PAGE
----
In a country where the majority of the voting population just chose Barack Obama (and most of us who didn’t made our decision based on his politics, not his race), you just cannot argue that the same level of racism exists as did previously. However, the fear of racism, and level of distrust because of it, persists.

The National Association of Black Social Workers is right; I can’t teach my child to fear white people and the possibility of racism. And I’m glad for that. He won’t be crippled by an overwhelming distrust of society. Heaven forbid, I may even succeed in sending him out into the world with the belief that he’ll be seen as just as capable as the next guy. What a shame that would be.

When I first mentioned, about a week ago, my discomfort with having the slavery talk with my son, Lilola left an interesting comment on my blog. She stated that, appearances aside, Noah is just as much white as he is black. I have known Lilola for several years and know, as anyone who knows her does, that she is very rarely wrong. This time, however, she is.

The fact is, appearances aside, my son is more white than he is black.

And how do I justify saying that? Because he is the recipient of the most horrid of all Liberal epithets: White Privilege (which, good heavens, gets its own—very long—Wikipedia entry). So many of the things that liberal thinkers blame on “Black disadvantage” are not issues for my son. He has a stable home environment, involved parents, access to a good education, security…heck, we even go on family vacations. As the beneficiary of my “privilege,” he is not having what many define as a “Black” experience.

Now, here’s the kicker. The same is 100% true of our current president.

He was raised by a white mother and white grandmother, with almost no involvement from the black side of his family. He had the experience of international travel. He went to Harvard.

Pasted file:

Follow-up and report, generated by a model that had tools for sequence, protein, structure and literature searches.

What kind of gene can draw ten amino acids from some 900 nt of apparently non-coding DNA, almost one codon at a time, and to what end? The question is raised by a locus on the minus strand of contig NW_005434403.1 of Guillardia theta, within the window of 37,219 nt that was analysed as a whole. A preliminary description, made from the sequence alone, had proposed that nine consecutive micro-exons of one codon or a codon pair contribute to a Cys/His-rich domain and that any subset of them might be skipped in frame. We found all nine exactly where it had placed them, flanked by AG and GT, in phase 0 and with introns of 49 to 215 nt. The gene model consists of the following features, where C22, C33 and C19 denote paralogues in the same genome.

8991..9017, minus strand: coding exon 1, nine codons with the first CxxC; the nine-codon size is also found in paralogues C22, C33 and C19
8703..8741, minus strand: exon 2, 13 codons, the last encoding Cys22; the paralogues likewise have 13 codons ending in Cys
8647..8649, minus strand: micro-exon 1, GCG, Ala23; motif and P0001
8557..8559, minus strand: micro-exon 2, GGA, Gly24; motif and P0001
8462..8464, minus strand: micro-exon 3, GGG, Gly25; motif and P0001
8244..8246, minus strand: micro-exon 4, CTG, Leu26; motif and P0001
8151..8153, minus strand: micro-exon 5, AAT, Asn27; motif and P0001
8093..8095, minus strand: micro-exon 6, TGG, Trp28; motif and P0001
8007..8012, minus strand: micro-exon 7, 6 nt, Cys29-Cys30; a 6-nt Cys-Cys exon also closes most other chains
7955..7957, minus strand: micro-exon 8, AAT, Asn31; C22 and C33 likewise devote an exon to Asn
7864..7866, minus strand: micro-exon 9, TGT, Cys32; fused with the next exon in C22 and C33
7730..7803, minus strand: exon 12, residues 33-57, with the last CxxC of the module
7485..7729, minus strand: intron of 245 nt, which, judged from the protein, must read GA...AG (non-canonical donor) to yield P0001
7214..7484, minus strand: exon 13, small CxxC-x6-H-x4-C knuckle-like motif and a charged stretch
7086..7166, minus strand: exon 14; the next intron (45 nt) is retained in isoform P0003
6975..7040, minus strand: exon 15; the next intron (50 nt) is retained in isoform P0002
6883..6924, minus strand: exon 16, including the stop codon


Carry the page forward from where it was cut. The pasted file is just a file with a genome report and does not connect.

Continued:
The pervasive attitude that Barack Obama is going to understand the poor and oppressed because he is “black like us,” drives me nuts. Like my son, he didn’t grow up with “Black disadvantage.” He grew up in a white (well, and Indonesian) society with some amazing experiences/privileges. But, because of the color of his skin and, I suppose, the fact that he plays basketball and listens to hip hop, he has been certified as Black enough.

Hmmm…I wonder how the National Association of Black Social Workers feels about that?

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4 Comments

Filed under adoption, politics, The Me Behind the Mommy, transracial adoption

4 responses to “Black Culture—How Black is Black Enough?

  1. The fact being that my (very) rare error confirms my (almost) always right reputation, I concede. I was wrong; Noah is more white than black, as is our current president.
    Reading the statement by the National Association of Black Social Workers is a trip! It’s like listening to black “spokesmen” like Jesse Jackson and Al Sharpton. If they conceded that racism was nearly gone, that all men had nearly equal opportunity and that claiming that opportunity would heal most of the problems in our society, they would be Out Of Work! Can’t have that!
    And you are doing a great job raising Noah and all your other children. Congratulations on thinking Pink!

  2. Christina